The outcome of this series of divergences for the multi-valent city’s place in and between worlds is four-fold.

One, within the Jewish tradition, the biblical has given way to the rabbinic (relating to Jewish law or teachings) and its penchant for midrash (commentary)—encountered through Rachel Kanter’s fiber work, Wake Up, and Beth Krensky’s video, Tashlich. Ben Schachter’s Aquavit: Praying for Rain furthers the rabbinic by re-visioning the concept of the mikveh (ritual bath). The rabbinic has in turn ramified toward the mystical, as in Susan Schwalb’s small, tight abstract visualizations of the legend  of the LamedVav—the 36 hidden righteous ones. In Carol Buchman’s haunting work, the mystical and geological become panentheistic: the Name of God suffuses nature at its most extreme; the artist functions as priestly intermediator.

Two: away from Jerusalem, Jewish history and thought have constantly sought a spiritual and, ultimately, physical return to Jerusalem—with particular vehemence at the harshest watershed moments in the diaspora experience. Mark Podwal conceptualizes the Expulsion of 1492 in his unique style; Billha Zussman imagines how that external watershed has internal consequences in her Spinoza: Marrano of Reason;  I’m the Rose, Beware of the Thorns; Archie Rand’s 1946 offers a cutting edge—watershed—visual reference to the Shoah.

Three: Jerusalem reaches and branches into Islam and Christianity—converging with and diverging from the city’s Jewish emphases. Siona Benjamin’s work always reflects her background as a Jewish woman raised in predominantly Hindu and Muslim India and educated in Catholic and Zoroastrian schools, now living in the US. In Exodus #5, part of a series exploring the current refugee crisis, a Russian firebird, a Phoenix-like symbol of hope and relief, clutches a ball in its talons, above a blue woman, a figure of otherness and alienation, who seeks shelter from the rain under a prayer shawl. Miriam Stern re-visions the lushly colored Christian vision explored in the Crusader Bible.

Four: the watershed of Jerusalem turns inward: Sarah Lightman turns the topography of Jerusalem toward profound life watersheds regarding people and the very making of art.

The watershed of return to Jerusalem and the questions of Jewish-Christian-Muslim coexistence within Jewish-governed modern Israel begin to bring this exhibition arc back toward its earthbound beginnings. The ramifications are multiple. Aviva Shemer’s mobile installation, The Moral Victory, suspended Hebrew, Arabic and Latin (English) letters, is inspired by Martin Buber’s discussion of Jerusalem as a center of the Am Olam (Eternal People) a century ago; Jane Logemann’s  Water—frenetically repeated (like a cross between Philip Glass music and Abulafian mysticism) in Hebrew and Arabic—turns words into abstract images. Leah Raab’s depiction of the Valley of Tears alludes to a specific time and place within the Yom Kippur War. Dorit Jordan Dotan’s Water Matter abstracts from nature, showing  the transformation from liquid to semi-solid on the shore of the Atlit Salt Flats—archeological evidence of how ancient communities collected water into natural evaporation pools for the harvesting of sea salt; her Drop in the Bucket focuses on the crisis of Israeli-Palestinian water-sharing.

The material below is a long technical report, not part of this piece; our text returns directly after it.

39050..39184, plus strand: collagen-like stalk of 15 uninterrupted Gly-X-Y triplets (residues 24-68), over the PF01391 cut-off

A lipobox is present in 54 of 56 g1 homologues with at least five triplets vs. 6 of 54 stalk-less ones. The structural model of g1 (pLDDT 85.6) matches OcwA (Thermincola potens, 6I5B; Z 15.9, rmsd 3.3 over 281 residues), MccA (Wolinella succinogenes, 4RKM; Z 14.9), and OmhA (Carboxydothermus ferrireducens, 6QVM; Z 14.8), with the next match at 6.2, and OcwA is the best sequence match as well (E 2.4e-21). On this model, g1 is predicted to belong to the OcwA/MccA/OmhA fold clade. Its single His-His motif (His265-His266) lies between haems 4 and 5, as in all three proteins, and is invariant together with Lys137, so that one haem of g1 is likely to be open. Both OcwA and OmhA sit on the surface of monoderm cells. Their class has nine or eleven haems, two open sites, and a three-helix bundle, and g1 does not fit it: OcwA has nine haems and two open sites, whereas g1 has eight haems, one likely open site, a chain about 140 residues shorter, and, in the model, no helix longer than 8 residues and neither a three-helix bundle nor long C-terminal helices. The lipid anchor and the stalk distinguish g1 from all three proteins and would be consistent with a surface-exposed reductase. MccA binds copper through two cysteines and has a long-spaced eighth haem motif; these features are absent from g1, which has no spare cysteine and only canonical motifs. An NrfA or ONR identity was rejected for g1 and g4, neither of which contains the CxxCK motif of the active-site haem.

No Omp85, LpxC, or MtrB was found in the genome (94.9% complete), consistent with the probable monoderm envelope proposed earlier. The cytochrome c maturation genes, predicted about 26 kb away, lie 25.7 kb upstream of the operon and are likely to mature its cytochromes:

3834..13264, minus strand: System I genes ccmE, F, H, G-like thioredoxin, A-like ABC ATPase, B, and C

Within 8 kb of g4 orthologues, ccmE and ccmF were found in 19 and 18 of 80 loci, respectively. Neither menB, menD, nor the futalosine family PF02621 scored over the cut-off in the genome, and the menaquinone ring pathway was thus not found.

Bruria Finkel’s Salt Mound installation turns the issue of potable and salt water convergences back toward the geology of Jerusalem. Yehudis Barmatz-Harris’s video turns water to fire in pushing history backwards: from the crucible of Jerusalem’s return to Jewish hands through the Shoah and the connotations of fire in Hassidic mystical thought to the book-burnings of diaspora experience and the burning of the Second and First Temples to the purification process of the Israelites in the wilderness by means of the burning of the red heifer. Pamela Fingerhut’s digital image of Miriam and Baby Moses returns us to the biblical moment of Moses’s birth through a modern Middle Eastern lens.

Elaine Langerman’s small, colorful painting, interwoven with text, entitled Poem/Painting #11: Watershed, concludes the return to the topographic ground of the exhibition inquiry. Text as the basis for Jewish ethos ramifies to the visual imagery that defines Jewish art—and raises the questions: what is Jewish art? And what is Judaism within itself and within the world? Both “Jewish art” and Judaism are suffused by questions—like the city of Jerusalem itself.
















One comment

  1. Thanks Katarzyna Kozera for the catalog design and thank you Ori Z. Soltes, Yona Verwer and Susan Chevlowe, for bringing the exhibition to The Derfner Judaica Museum, New York.